Kirk Cousins' door to 49ers closes, but opens to other teams, including his own

The football universe has a sense of humor, so it made sense when the planets aligned Monday night to make Kirk Cousins’ future look so complicated in such a short time.

It was never a sure thing that the 49ers would make a reunion happen between Cousins and his former Washington coordinator, Kyle Shanahan, next season in free agency. If nothing else, Washington could always have either put the franchise or transition tag on him again … or, in the upset of the decade, agree to a long-term deal.

Of course, if anyone really envisioned the team and Cousins closing their bizarre gulf and agreeing to a contract, the 49ers and Shanahan would never have loomed for 2018. Nevertheless, with the 49ers trading for Jimmy Garoppolo as their quarterback of the future, that question is moot.

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And that question triggered an avalanche of wisecracks about how soon Cousins would become a Bronco, because of how lousy Trevor Siemian was playing in Kansas City at the time the 49ers trade broke. Most of the jokes were just that. All of them had a germ of truth in them: The Broncos’ situation is as unstable as they come, with 2016 first-round pick Paxton Lynch still returning from a preseason shoulder injury, and their backup Monday night being Brock Osweiler.

If John Elway is not on the market for a quarterback next offseason, he should be — or else the Broncos should be on the market for a new team president.

And the Broncos were one of just half a dozen or so teams that suddenly had reason to think hard Monday about Cousins and what he’s worth. Besides Denver and Washington, they were:

Browns. With the Sashi Brown-Hue Jackson regime at 0-8 this year and 1-23 overall, who knows who will make the decision about a quarterback next year? They appeared to be frontrunners for Garoppolo last offseason, but the Patriots held onto him until Monday. They’ll have a chance at another quarterback at the top of the draft again, but clearly, drafting quarterbacks is not their forte.

Cardinals. The Carson Palmer era is all but done in Arizona. They’re probably good enough to hang around .500, so they won’t be in position to draft someone high. They also have a veteran team, which means Cousins makes more sense than a youngster.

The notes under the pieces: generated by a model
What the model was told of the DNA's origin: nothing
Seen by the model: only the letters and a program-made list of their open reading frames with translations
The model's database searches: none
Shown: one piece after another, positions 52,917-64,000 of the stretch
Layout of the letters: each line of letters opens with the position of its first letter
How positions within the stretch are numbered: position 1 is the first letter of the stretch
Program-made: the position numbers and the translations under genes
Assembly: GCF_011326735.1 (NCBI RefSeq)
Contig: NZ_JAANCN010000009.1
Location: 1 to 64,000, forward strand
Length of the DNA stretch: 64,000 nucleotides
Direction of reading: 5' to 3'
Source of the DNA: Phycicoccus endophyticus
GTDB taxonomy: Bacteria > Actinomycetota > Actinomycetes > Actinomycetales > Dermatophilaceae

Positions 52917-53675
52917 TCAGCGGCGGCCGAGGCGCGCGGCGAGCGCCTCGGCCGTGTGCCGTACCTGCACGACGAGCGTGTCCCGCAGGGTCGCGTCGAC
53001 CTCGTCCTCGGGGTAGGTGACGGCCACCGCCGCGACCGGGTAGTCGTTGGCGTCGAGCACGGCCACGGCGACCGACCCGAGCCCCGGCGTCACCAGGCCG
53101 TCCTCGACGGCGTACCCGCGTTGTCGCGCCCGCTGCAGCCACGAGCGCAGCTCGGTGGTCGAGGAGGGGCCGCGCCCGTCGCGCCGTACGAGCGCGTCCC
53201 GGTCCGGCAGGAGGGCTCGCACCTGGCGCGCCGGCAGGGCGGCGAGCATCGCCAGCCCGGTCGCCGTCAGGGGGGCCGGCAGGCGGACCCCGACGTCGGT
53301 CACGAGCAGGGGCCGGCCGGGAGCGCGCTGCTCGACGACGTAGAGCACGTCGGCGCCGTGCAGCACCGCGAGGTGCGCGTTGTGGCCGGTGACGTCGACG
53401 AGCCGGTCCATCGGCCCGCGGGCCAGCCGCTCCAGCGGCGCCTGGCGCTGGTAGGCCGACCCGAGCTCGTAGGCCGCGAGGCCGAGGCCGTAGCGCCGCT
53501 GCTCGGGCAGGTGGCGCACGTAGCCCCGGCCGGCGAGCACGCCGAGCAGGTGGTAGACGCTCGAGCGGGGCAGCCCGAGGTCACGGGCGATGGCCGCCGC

Jets. There’s still time for them to fall on their faces after three straight losses following a 3-2 start. So the tanking talk may not be premature, after all. However, who knows if the quarterbacks expected at the top of the draft a few months ago — Sam Darnold, Josh Rosen and the like — are worth it? Or worth more than Cousins would be, even for what he would command?

Jaguars. This is the last year and the last shot for Blake Bortles, and while he’s been less objectionable lately than he had been, and while his defense and Leonard Fournette clearly are carrying the team, he’s as expendable now as before. A playoff-ready roster run by Tom Coughlin would look more at a Cousins than at a newcomer.

Bills. Having a strong season for an unexpected playoff contender doesn’t make Tyrod Taylor’s future more secure in Buffalo, under a new coach and flaky, impetuous ownership. Why the Bills would back up the truck for Cousins after not wanting to do that for Taylor isn’t clear, but stranger things have happened.

Vikings. Sam Bradford’s chronic injuries interrupted yet another season. Case Keenum isn’t the long-term answer, and Teddy Bridgewater is still weeks away. Who do the Vikings commit to, and for how much? Like the Cardinals, they have pieces in place to compete now.

Those are all varying degrees of possibility for Cousins. It’s all because the biggest possibility, the 49ers, became an impossibility.

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